I do not think these self-appointed "civil rights leaders," whom none of us have ever heard of (much less elected), would have us moving in the direction G. K. Chesterton rightly pointed, towards "giving a vote to most obscure of all classes, our ancestors," noting that "[t]radition... is the democracy of the dead."

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President Obama Takes a Baby Step in the Right Direction

By "suggest[ing] that aid cuts could be coming" and that for "a peaceful, democratic, prosperous Egypt, [...] Egyptians are going to have to do the work" — Obama cancels U.S.-Egypt military exercises.

Of course, Egypt should have never received one red cent of American foreign aid, nor should have the "Zionist entity" to her east. What interest do we Americans have in that God-forsaken region of the globe?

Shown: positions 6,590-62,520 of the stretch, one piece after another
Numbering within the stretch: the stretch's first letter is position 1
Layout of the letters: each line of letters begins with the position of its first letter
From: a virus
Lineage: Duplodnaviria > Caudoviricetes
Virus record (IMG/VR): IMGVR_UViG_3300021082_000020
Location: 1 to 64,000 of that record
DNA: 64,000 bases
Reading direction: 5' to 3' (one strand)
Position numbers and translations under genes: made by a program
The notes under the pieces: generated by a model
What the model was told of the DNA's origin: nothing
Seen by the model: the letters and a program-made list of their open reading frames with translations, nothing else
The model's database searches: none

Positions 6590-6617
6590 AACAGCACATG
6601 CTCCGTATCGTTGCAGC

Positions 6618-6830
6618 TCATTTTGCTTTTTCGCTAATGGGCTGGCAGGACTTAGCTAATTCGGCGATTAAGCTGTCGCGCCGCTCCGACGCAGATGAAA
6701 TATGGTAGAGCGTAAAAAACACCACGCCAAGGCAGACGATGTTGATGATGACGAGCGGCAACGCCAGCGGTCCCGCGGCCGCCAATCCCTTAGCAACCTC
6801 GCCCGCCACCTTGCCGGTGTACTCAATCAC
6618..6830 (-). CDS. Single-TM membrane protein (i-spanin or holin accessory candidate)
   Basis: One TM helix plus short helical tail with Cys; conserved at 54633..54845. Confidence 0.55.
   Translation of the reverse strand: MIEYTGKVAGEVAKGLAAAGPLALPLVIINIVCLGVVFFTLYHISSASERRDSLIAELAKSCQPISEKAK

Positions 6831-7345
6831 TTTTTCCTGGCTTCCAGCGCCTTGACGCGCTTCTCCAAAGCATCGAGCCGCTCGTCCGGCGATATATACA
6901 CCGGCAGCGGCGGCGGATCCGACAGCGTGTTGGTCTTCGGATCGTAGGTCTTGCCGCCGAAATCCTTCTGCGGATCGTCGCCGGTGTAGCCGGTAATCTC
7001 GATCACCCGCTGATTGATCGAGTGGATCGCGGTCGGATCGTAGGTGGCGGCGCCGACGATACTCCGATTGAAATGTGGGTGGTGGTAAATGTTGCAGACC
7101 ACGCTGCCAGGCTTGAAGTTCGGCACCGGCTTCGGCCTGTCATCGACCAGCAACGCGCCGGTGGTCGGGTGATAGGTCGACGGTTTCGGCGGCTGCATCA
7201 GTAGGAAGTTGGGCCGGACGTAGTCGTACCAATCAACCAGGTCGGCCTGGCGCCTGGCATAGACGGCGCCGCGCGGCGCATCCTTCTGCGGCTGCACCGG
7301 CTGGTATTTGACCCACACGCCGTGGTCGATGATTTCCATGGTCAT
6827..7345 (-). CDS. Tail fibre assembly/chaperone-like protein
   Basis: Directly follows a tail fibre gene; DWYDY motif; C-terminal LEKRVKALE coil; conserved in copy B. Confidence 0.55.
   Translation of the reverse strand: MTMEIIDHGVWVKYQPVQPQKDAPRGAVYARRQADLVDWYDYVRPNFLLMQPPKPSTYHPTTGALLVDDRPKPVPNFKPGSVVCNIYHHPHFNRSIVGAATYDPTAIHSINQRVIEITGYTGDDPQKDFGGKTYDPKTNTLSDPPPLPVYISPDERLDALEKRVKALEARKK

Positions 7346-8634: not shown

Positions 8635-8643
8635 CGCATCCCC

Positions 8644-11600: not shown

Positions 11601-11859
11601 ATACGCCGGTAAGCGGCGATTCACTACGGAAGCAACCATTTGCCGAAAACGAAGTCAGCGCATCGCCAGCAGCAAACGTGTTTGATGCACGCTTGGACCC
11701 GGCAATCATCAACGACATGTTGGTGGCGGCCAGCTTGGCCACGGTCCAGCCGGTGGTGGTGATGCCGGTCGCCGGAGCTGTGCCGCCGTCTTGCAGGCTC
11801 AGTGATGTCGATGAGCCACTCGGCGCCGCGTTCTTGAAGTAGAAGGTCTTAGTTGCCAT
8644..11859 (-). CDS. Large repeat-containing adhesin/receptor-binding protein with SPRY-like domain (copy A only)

Rightly noted Senator Rand Paul: "While President Obama condemns the violence in Egypt, his administration continues to send billions of taxpayer dollars to help pay for it. Mr. President, stop skirting the issue, follow the law, and cancel all foreign aid to Egypt."

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Burned-Over District

"First came the spiritualists, then the Oneidists, suffragists, abolitionists, Mormons," notes the Arts & Letters Daily blurb, asking, "What was it about upstate New York in the mid-19th century?" — Give Up the Ghost. An excerpt from Stefany Anne Golberg's article: